Celebrity Collaborations Encourage the Young Generation


Supermodel Gigi Hadid collaborated with fashion designer Tommy Hilfiger to create a youthful and exciting collection. (PANDALOVEPHOTOGRAPHY/FLICKR)


Supermodel Gigi Hadid collaborated with fashion designer Tommy Hilfiger to create a youthful and exciting collection. (PANDALOVEPHOTOGRAPHY/FLICKR)
Supermodel Gigi Hadid collaborated with fashion designer Tommy Hilfiger to create a youthful and exciting collection (PANDALOVEPHOTOGRAPHY/ FLICKR)

Whether it’s high-to-low fashion collaborations such as Balmain x H&M or celebrity-endorsed collections such as the recent Rihanna x Puma, fashion is finding alternative ways to reach shoppers, especially young shoppers. Celebrity collaborations are surely a sales strategy to promote certain brands, but how do celebrities work with these brands? How are their targeted shoppers, the millennials, reacting to these collections?

Fashion collaborations date back to 1983 when American designer Roy Halston Frowick launched a line with JC Penny. However, according to a report by E! News, the collection was poorly received and discontinued. Unexpectedly, what everybody thought was a poor decision back then became a popular trend of fashion making in the 21st century.

Aimee Williams, a professor in the Communication and Media Studies department at Fordham College at Lincoln Center (FCLC), clarified that there are possible ways for fashion to collaborate. “Fashion designers are often celebrities in their own right, and when they collaborate with existing brands or companies, like Lemaire with Uniqlo last year, there tends to be lots of hype around those releases,” she said. “There are countless other examples. Alexander Wang with H&M did very well.”

Williams is now teaching fashion journalism, a course being offered at FCLC for the first time. The course fulfills requirements for both the journalism major and the fashion studies minor.

According to Williams, the common direction of these collaborations is from high to low, labeling the high fashion brands’ exclusive names on more accessible fast-fashion brands. “If you notice, high fashion designers will do projects with fast-fashion retailers, distilling a coveted aesthetic, like Rodarte for Target or Balmain for H&M, making it available to many,” Williams said.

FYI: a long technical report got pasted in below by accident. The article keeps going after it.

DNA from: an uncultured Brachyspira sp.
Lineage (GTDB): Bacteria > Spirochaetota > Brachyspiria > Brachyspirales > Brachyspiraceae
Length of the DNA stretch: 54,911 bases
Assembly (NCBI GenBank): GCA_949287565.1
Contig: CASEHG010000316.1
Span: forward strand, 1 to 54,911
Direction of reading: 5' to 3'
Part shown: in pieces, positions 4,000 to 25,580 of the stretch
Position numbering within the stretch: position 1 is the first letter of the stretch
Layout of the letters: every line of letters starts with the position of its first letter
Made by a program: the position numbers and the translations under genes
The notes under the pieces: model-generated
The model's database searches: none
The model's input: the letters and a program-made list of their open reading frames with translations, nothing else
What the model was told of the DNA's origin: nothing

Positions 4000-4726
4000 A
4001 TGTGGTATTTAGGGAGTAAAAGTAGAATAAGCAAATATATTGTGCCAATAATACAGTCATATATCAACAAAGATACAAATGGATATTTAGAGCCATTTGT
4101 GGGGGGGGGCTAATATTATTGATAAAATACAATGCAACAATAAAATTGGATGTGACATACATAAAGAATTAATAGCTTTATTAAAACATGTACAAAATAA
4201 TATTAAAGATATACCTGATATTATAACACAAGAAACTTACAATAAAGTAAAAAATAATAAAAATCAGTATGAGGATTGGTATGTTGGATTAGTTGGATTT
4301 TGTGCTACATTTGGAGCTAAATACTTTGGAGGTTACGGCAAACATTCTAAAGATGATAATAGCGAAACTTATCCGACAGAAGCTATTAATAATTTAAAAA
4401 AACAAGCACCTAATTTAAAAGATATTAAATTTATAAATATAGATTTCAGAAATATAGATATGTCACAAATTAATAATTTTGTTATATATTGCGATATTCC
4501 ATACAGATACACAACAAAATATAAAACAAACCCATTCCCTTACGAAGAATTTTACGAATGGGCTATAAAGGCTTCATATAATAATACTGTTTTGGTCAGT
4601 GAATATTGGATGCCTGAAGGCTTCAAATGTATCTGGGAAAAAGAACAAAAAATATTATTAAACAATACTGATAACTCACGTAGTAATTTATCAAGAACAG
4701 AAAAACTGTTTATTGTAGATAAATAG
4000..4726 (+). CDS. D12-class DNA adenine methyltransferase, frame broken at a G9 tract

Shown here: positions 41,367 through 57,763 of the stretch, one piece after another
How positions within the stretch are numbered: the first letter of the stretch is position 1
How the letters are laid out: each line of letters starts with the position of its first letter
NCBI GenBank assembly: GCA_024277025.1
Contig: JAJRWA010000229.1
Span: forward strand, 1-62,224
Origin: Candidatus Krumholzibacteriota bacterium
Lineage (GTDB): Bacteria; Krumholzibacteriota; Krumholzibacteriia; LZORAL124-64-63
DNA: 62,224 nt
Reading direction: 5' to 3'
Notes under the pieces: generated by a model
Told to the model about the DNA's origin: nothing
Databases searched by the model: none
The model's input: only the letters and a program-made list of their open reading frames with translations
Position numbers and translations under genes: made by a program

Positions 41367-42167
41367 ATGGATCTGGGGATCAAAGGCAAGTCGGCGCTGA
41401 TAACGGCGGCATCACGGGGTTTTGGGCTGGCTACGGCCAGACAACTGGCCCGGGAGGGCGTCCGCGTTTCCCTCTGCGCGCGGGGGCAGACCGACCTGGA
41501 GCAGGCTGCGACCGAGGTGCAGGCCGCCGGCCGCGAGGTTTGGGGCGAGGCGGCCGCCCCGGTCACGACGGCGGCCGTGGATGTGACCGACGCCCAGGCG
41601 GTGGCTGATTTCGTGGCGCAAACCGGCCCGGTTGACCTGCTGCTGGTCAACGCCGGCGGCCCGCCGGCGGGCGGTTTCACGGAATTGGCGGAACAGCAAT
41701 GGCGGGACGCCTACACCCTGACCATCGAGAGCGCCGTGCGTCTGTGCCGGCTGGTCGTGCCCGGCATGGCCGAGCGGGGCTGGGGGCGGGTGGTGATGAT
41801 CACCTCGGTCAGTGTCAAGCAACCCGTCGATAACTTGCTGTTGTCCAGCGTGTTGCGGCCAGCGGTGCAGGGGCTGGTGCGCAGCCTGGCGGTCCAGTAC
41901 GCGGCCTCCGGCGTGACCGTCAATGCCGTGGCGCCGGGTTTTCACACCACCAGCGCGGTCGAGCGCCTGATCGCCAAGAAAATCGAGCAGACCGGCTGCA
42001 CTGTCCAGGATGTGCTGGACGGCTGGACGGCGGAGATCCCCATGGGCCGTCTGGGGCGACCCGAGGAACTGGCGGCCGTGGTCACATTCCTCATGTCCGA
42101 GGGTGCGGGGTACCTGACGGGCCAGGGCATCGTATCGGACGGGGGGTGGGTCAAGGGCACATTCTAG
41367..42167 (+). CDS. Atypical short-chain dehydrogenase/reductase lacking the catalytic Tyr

Besides these high to low fashion collaborations, an example of a celebrity-endorsed fast fashion would be supermodel Gigi Hadid and Tommy Hilfiger’s line presented during Fall 2016 New York Fashion Week. In hopes of reaching younger shoppers, Hadid revived the classic American aesthetics of Tommy Hilfiger by incorporating this year’s hot pieces, such as bomber and faux fur jackets and cropped flare jeans. When we think of Gigi Hadid, we imagine her wearing short tops and pieces that would emphasize long legs, which is exactly how the new Tommy girl looks—a classic American beauty with an unconventional individualism.

“The line is very much on trend. There’s Tommy’s nautical prints of the time, but there is also boyfriend  jeans and bomber jackets, things you wouldn’t necessarily see from Tommy Hilfiger in the past. It was more like trendy, model-off-duty look,” Kelsey Tetzlaff, FCLC ’17, said.

As a college student, Tetzlaff thinks that the collection hits a decent price point for designer-made goods with a celebrity endorsement, ranging from sweatshirts for $95 to skinny fit jeans for $185. However, when there’s the option of cheaper fast-fashion, Tetzlaff usually wouldn’t spend her money on moderately-priced designer clothes.

“You also have to consider if I am a college girl who loves Gigi Hadid, but I am not really into the Tommy Hilfiger brand, but I see that she’s collaborating with him, I might be more inclined to buy that product because I just love this influencer,” Tetzlaff said. “These collaborations have a tendency to persuade people to buy a product they otherwise wouldn’t have just because of the name that’s attached to it.”

Another example is the Italian fashion house Missoni collaborating with American footwear company Converse. When the iconic Missoni print clashes with the signature Converse style, the resulting product is an amalgamation of the fashion pride between the two countries.

“I love the Missoni print. My mom used to have this Missoni scarf. It is the heritage of the brand, and the print means so much,” Ella Grace, FCLC ’19, said. She mentioned that because of her mother, the Missoni print has a personal meaning to her—elegance. “[Missoni print] beautiful. It catches the eye, and you have it Xon cheaper products,” Grace said.

The price point for Missoni can be high. Long cardigans are around $1,300 to $2,000, coats are around $3,000 to $4,000 and scarves are around $100 to $600. However, in this collaboration, the Converse shoes with Missoni prints range in price from $65 to $140.

Grace noted the price increase compared to the regular Converse. “They went up, but I think it’s to be expected with the high-end brand.”

“I wear sneakers a lot and I find that more and more people are wearing sneakers. They are sneakers elevated in a way that people are like ‘Wow. That’s so cute,’” she said.

In the coming seasons, we can expect to see collaborations dominate the fashion world. Stay tuned, as hopes of your favorite brands joining forces may come to fruition.